Friday, June 15, 2007
DeForest Park's 26 acres are mostly developed,although the southern end of the park has a nature trail that goes through riparian forest, woodlands, and wetlands. Although the developed part of the park is well maintained, this natural area suffers from litter, vandalism, and homeless encampments. As with any of the parks in this guide I would recommend strongly exploring this park with a friend, rather than on your own.
That said, there are some unusual habitats to see at DeForest Park which are scarce in the rest of the city. The main trail of the park winds through a riparian forest that contains cottonwoods, coast live oaks, willows, and nonnative pepper trees. Small spurs from the main trail take you closer to wetlands that run along the levee of the LA River.
Riparian zones are stream-side habitats. Typically, riparian zones are dense forests made up of trees that can tolerate the special challenges of living next to a stream. These challenges incude saturated, oxygen-poor soils; abrasion from suspended rocks during floods; and a rapidly changing, dynamic landscape (with frequent erosion and burial in sediment). Many riparian trees, such as California bay trees, adapt to this tumultuous landscape by resprouting easily when they get knocked over.
Freemont cottonwood trees (Populus freemontii) have distinctive heart-shaped leaves and thick, light-gray bark. These trees reach impressive stature (up to ~70 feet tall) and in our region are often the largest native trees around.
At DeForest Park, the riparian forest is composed largely of Freemont cottonwoods (Populus fremontii), willows (Salix spp.) as well as many nonnative trees, such as pepper trees (Schinus spp). The growth is dense, and much loved by the abundant birds, squirrels, and lizards of the park.
Beneath the cottonwoods are thickly grown wetlands, full of bulrushes, sedges, and cattials. Many wetland birds nest in these tall plants and eat their seeds.
Rushes, unlike grasses, have round, hollow stems. The flower structure is also different, but it can be hard to tell without a magnifying lense.
Sedges are another grass-like plant common in wetlands. In California, most are low-growing species. They can be distinguished from grasses by their triangular, or edged leaves.
Elegant willow weeds (Polygonum lapathifolium)grow in saturated soils. Other flowering plants may be common at certain times of year.
At the south end of the park (near the Long Beach Boulevard bridge), the riparian forest gives way to an open, weedy grassland, although the wetlands continue down here as well. There are plenty of wildflowers in this area, as well as birds, so be sure to pay a visit if you make it down to the park. Although the plants are mostly nonnative, there are a few interesting native plants, and plenty of beauties.
Tolguacha, or false jimson weed (Datura wrightii), has huge, trumpet-like flowers and soft, velvety silver-green leaves. Indigenous people used it for medicinal purposes, and to make a psychoactive drug.
The fruit of tolguacha (Datura wrightii) has an unusual spikey skin. The dried flower usually remains attached.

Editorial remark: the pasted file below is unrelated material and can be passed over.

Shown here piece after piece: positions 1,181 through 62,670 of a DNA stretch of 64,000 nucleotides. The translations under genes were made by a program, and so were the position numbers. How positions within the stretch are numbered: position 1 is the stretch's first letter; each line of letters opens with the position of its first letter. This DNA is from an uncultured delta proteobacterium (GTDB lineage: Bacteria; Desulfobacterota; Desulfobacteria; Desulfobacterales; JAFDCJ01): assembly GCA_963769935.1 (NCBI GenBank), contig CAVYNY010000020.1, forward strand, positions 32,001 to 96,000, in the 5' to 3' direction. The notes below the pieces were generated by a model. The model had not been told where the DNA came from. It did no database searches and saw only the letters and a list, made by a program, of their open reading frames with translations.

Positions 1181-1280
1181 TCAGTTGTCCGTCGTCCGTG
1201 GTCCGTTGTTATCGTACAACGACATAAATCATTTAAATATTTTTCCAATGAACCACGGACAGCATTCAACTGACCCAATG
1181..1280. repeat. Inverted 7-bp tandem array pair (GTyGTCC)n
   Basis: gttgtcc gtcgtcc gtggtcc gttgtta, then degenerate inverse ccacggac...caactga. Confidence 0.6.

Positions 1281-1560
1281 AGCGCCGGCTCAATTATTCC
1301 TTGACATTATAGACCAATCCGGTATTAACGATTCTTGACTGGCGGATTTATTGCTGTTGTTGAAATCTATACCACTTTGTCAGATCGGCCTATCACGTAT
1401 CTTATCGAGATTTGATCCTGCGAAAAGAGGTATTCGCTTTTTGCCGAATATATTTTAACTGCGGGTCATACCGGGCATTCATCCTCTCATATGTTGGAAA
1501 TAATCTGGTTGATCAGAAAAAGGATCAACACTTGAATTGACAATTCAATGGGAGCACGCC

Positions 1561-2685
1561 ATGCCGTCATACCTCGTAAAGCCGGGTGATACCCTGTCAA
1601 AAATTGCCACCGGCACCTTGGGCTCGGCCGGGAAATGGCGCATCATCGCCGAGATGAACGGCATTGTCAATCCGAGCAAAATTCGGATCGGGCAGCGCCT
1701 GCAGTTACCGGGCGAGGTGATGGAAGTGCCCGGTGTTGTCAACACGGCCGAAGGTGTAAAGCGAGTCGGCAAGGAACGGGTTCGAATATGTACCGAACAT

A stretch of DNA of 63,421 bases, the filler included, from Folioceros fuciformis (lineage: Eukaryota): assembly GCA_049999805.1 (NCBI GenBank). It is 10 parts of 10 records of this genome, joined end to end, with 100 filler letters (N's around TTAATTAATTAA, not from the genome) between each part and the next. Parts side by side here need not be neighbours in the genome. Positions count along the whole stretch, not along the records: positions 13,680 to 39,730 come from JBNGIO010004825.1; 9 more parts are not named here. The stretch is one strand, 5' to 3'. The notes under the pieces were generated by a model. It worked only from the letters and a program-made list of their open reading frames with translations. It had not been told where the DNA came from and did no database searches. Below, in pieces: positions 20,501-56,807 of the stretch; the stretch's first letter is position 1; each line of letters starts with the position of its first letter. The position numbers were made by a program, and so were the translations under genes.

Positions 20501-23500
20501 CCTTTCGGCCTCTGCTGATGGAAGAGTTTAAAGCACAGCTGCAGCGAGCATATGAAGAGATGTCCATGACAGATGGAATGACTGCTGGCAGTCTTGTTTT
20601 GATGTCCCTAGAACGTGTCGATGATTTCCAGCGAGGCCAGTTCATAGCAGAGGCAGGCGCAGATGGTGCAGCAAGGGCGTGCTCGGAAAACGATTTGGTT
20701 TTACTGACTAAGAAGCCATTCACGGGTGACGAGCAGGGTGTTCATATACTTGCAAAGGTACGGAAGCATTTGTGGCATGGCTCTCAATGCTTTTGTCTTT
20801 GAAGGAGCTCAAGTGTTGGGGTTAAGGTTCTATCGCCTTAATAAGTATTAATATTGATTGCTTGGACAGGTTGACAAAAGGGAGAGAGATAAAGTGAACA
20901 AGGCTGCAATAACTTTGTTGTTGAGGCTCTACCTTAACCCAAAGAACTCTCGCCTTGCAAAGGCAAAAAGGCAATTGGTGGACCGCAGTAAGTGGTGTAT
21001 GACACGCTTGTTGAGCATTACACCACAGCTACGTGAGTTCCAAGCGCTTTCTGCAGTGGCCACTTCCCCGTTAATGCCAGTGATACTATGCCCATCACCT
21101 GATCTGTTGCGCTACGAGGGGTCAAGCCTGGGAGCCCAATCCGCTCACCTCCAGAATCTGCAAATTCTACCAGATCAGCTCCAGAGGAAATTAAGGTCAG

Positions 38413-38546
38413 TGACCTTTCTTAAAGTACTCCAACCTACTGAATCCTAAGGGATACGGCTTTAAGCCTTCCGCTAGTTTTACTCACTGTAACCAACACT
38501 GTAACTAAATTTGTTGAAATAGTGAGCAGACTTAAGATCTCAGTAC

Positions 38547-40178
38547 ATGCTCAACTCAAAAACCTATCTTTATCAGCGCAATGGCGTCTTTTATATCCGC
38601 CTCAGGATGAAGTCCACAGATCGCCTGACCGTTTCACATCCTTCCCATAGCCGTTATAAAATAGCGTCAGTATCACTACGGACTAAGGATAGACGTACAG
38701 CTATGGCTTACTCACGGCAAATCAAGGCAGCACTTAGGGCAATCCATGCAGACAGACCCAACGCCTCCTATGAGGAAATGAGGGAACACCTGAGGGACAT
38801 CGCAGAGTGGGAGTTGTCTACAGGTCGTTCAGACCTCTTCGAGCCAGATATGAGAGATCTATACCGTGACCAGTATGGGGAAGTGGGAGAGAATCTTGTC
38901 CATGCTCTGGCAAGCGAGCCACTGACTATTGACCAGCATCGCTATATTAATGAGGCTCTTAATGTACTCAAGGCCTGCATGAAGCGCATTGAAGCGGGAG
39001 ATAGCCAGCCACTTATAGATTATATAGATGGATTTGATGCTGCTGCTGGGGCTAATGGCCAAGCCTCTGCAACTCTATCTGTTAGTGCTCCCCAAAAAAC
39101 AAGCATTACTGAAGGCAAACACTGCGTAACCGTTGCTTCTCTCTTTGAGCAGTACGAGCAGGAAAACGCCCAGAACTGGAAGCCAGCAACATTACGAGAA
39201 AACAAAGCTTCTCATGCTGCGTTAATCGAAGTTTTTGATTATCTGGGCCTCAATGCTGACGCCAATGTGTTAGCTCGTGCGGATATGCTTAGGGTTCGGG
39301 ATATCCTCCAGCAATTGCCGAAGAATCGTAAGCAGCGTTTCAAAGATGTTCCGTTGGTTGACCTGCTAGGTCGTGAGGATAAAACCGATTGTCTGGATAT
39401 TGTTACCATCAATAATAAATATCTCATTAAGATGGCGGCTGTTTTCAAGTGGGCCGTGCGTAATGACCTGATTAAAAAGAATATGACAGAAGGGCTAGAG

California croton (Croton californica) is an attractive silvery-gray shrub.
The small flowers of croton are inconspicuous, but very attractive to bees and other insects.
The castor bean (Ricinus communis) is a weedy shrub from Africa. The flower stalk has male flowers at the bottom, and female flowers (mature fruits in this photo) and the top.
Morning glory, or bindweed (Convolvulus arvensis) grows up the stalks of a bulrush. Unlike the native morning glory (genus Calystegia), this flower has small bracts a few inches below the flower.
Common thistle (Cirsium vulgare), a very widspread nonnative weed.
There is abundant wildlife to observe in this park. Keep your eyes and ears pealed!
A mourning dove (Zenaida macroura) gathers nesting material.
Western fence lizards (Sceloporus occidentalis) are pretty common in this park, and coastal whiptails (Aspidoscelis tigris stejnegeri) as well. On the trail, I encountered a very large snake skin in perfect condition:
The previous owner was probably a California kingsnake (Lampropeltis getula californiae). This specimen was huge--over 6 feet long! However, few of this species ever get even half that size. The adults have bold black and white patterning. Although a harassed snake may bite a person, it is non-venemous and is not considered dangerous. It is a constrictor, strangling its prey before eating it. Kingsnakes eat rodents, lizards, and even other snakes! In fact, rattlesnakes are a preferred prey item, and kingsnakes are thought to be immune to their venom.
Coastal Los Angeles and Orange County is home to a unique type of kingsnake, called the "Long Beach morph" or the "grease king." These types (morphs) have complicated patterns, with blotches of cream on a dark background (as opposed to the stripes or rings more typical of this subspecies). Herpetologists have found evidence for a genetic basis for the unusual pattern, suggesting that Long Beach is home to a distinct population of this species. Given the extensive development of this morph's home range, it is not surprisng that it is now extremely rare in the wild. Future research may determine if this morph is genetically distinct to warrant protection as an endangered species.